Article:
TRINITY — Call Grady Peeler the reluctant political candidate: He has no campaign literature; no platform; no desire, really, to win.
But Peeler, a 58-year-old securities trader who lives in Trinity Oaks, is shaking up the closely watched House 45 race: He has entered as a write-in candidate — a move that will likely turn the race among the three Republicans into a closed GOP primary.
The upshot? Registered Democrats and unaffiliated voters will essentially have no say in picking the person to represent the district that serves parts of south Pasco and north Pinellas counties.
Peeler, who is on Pasco's Republican Executive Committee and has even donated to one of his opponents, said he simply did not want non-Republicans choosing a Republican.
"Primarily the reason I decided to get in it is I want Republicans to vote in Republican primaries and Democrats to vote in Democratic primaries," he said. "I'm telling you quite openly that's why I did it."
Before Peeler, the House 45 seat had only three candidates, all of them Republicans: Fabian Calvo, Richard Corcoran and Kathryn Starkey.
That meant anyone in the district, regardless of affiliation, could vote in the Republican primary coming up in August.
But write-in candidates are considered outside opponents, which closes the primary to party voters only. Hence, Peeler's move.
Peeler is a former homeowners association president who made a short-lived bid for state GOP committeeman back in 2008. He jumped into that race when it appeared that Bill Bunting had no opponent. But after learning John Renke II had entered the race, Peeler urged his own supporters to get behind Renke.
Peeler said he spoke with none of the other House 45 candidates before he made his decision, something reiterated by the trio.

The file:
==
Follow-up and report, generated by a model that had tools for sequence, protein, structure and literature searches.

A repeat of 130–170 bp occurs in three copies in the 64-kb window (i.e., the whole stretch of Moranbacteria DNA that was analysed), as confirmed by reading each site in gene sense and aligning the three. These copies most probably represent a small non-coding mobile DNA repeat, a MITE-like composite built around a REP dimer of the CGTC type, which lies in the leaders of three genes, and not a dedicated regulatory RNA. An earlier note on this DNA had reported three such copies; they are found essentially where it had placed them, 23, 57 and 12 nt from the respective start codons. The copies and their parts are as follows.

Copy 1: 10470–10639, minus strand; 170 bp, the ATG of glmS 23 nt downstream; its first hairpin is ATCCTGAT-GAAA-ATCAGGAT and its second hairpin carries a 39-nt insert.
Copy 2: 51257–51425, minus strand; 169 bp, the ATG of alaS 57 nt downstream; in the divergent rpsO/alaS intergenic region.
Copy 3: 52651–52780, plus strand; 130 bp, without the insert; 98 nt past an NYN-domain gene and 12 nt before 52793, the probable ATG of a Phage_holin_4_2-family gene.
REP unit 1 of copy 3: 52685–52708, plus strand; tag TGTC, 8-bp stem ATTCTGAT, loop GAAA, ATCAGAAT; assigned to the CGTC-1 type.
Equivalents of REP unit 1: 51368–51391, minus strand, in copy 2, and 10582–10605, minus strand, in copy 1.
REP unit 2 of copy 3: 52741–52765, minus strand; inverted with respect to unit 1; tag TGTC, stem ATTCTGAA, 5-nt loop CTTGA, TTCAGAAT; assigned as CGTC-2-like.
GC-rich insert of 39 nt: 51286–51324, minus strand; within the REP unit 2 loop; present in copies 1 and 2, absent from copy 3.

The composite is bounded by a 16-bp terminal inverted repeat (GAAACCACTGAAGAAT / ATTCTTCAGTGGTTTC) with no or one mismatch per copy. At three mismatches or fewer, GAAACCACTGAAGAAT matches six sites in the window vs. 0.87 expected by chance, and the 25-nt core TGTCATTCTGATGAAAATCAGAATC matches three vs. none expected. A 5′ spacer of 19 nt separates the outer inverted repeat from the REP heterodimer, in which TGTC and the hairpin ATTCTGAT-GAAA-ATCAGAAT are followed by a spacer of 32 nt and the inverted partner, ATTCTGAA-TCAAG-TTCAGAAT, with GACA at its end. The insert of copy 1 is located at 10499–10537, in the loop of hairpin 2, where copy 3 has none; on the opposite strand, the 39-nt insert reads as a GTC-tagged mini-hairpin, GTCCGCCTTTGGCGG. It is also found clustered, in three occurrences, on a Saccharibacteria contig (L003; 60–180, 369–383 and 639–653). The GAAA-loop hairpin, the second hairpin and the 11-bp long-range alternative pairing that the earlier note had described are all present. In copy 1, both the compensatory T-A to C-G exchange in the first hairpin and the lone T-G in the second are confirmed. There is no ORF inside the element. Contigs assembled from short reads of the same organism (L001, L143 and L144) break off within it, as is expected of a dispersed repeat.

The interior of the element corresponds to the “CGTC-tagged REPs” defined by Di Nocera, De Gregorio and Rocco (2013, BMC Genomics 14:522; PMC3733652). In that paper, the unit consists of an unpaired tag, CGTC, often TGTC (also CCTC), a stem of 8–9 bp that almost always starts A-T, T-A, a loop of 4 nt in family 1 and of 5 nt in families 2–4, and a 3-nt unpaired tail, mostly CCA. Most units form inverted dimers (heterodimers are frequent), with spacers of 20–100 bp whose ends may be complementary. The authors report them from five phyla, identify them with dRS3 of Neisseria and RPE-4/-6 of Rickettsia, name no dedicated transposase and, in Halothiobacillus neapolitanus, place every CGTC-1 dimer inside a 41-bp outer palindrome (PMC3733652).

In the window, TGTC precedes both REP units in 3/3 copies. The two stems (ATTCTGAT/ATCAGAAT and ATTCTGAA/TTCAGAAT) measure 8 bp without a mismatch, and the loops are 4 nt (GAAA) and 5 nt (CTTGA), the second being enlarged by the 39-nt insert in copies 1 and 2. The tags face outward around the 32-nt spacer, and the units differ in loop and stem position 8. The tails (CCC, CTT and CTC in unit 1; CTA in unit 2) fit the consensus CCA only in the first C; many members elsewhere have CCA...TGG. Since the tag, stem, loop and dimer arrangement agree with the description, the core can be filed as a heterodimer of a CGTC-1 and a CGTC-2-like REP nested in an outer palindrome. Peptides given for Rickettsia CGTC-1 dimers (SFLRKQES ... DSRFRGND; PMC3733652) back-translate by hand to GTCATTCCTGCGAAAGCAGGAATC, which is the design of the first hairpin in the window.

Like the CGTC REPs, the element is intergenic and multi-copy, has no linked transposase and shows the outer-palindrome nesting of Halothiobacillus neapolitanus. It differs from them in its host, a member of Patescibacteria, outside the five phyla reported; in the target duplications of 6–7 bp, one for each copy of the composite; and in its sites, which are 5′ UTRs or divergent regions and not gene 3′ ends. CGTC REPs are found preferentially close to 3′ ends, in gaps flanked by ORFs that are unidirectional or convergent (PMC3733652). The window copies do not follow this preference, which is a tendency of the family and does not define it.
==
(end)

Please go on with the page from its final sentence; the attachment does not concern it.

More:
But Peeler, who donated to Ron Paul's presidential campaign in 2008, has a favorite: Calvo.
In fact, he and his wife have donated $325 to Calvo since July.
"I have supported Fabian in the past and I expect I will continue to," he said, adding he likes all three candidates.
Peeler said if Democrats had fielded a candidate, registered Democrats could have a say in the race. That appears increasingly unlikely. Qualifying ends Friday.
Each of the three GOP candidates portrayed the closed primary as advantageous to his or her chances in the race to replace Tom Anderson, who must step down due to term limits.
Calvo, the underdog in the race, is a conservative radio host and has a property management company.
"I'm communicating my message to Republicans, and that's going very well," he said. "I think I have a very good shot."
Corcoran, a close friend of state Sen. Mike Fasano, is a contract attorney for Sheriff Bob White.
"I think it'd be good all the way around for the Republican party," said Corcoran. If the goal is to pick a lifelong conservative candidate, he said, "that works best when it's the lifelong conservative voters voting."
Starkey has served on the Pasco School Board and is a member of a well-known ranching family.
"I think I've always ran my race like I'm in the Republican primary," said Starkey. "I'm a lifelong Republican. It doesn't change my game plan at all. I'm just focusing on the same issues I always have."
Jodie Tillman can be reached at firstname.lastname@example.org or (727) 869-6247.